The girls were so tickled by my retelling of the events that led to their brother charging into their bedroom the other night, that I thought it best to capture the moment here before it’s soon forgotten.
Typically, Rowan falls asleep nursing. Calmly and dependably usually. However, the past few days he’s been like a wild animal at bedtime. It could be due to the fact he’s overtired since we’ve been on vacation time. Or maybe it’s the opposite—he’s getting older and just doesn’t require as much sleep. Or maybe I can just blame it on my usual culprit—teething. Who really knows.
Anyway, the other night, after Rowan had performed several acrobatic feats while somehow miraculously staying latched, he’d decided he was going to be finished with the nursing business, yet remain quite wide awake.
We played a little game of turn-taking, with me asking him to put his head down and him saying a whiny ‘no.’ Then, he’d proceed to roll around on the bed. Following that, he crawled way down under the covers until he disappeared, popped his head out, and then crawled back in again. He also spun around in circles, breakdance style, stopping with his head at the opposite end of the bed and doing a few—nicely executed I might say—rounds of downward dog.
Across the hall, he heard Liam begin reading bedtime stories to the girls and he stilled to listen. Then, he crawled backwards down off the bed and headed for the door, not wanting to miss out on any fun they might be having without him.
“No,” I warned firmly. He disregarded me and walked to the door leading to the connecting bathroom. He jiggled the knob this way and that, unable to maneuver his small wrist the quarter turn necessary to pop open the door.
Not one to give up quickly, he tried the other bedroom door, which led to the hallway. Jiggle jiggle. Jiggle jiggle. No luck.
So, he climbed back into bed, which is generally a real struggle and fun to watch, with the joint effort of hands gripping the sheets and feet kick-climbing up the mattress.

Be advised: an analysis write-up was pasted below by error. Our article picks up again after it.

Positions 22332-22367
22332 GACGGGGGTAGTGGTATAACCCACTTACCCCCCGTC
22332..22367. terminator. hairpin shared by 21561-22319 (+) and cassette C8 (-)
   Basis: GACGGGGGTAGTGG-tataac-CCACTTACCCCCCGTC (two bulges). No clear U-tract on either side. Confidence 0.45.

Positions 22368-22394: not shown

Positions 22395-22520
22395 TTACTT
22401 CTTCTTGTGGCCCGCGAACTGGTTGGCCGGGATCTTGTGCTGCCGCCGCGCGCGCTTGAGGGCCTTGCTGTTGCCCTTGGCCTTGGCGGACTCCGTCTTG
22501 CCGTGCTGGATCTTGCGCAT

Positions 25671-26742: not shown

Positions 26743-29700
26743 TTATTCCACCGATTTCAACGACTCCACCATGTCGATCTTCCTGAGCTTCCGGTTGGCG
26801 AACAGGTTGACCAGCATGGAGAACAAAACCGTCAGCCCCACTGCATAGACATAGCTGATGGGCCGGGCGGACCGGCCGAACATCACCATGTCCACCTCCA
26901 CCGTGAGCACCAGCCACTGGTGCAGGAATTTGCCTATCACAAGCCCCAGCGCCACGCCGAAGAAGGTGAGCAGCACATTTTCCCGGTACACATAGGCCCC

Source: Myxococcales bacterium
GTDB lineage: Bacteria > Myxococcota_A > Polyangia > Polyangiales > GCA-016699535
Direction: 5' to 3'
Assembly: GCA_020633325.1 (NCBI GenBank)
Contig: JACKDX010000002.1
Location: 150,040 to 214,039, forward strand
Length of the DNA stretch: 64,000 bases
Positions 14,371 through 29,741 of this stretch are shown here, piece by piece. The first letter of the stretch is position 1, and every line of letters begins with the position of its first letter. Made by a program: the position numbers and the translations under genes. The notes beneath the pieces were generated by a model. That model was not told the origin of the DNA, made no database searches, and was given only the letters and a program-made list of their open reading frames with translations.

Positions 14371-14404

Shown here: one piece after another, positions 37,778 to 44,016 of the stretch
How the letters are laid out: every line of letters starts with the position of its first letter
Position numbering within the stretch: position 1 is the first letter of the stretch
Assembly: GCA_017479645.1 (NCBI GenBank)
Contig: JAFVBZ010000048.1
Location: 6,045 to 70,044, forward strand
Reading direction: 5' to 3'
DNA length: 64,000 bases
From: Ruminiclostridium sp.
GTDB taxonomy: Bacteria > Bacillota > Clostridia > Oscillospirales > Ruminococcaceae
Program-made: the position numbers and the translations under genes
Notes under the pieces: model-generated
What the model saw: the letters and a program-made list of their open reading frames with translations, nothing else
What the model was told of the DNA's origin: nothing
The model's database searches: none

Then, we began again:
“Rowan, put your head down.”
“It’s time for bed. You need to close your eyes.”
Roll around. Under the covers and out again. Spin, spin. Crawl backwards down from the bed. Walk to bathroom door. Jiggle jiggle. Doesn’t budge. Walk to hallway door. Jiggle jiggle. No luck. Climb and scurry back into bed. Repeat, repeat.
After about five rounds of in and out of bed, he finally managed to jiggle jiggle one of the doors open. He took two seconds to look back at me as if asking permission. I gave him a stern look, although how I wasn’t cracking up, I don’t know. He took my lack of words as a go-ahead, and wasted no more time. He headed off in the direction of the girls’ room.
I heard them all squeal when they saw him: “Rowan?! What are you doing in here?”
He was pleased as punch to be there, and did not appreciate at all being removed a minute later. As I had had quite enough of his bedtime shenanigans, I let Liam take over. Of course, he had Rowan to bed in under ten minutes then. “It’s because you don’t walk him around,” he explained when I gave him a disdainful look.
No, I don’t. It’s not the mother’s job to walk the kid around. It’s the mother’s job to nurse if she chooses. And if that doesn’t work, well hell if I’m going to do anything extra.
Anyway, I climbed into bed with the girls and told them all about how Rowan jiggle-jiggled the doors about a hundred times, climbing back into bed between rounds, before opening one and making his great escape. Their giggles were proof they were so genuinely delighted by the imagined actions of their little brother. I couldn’t help but laugh along with them.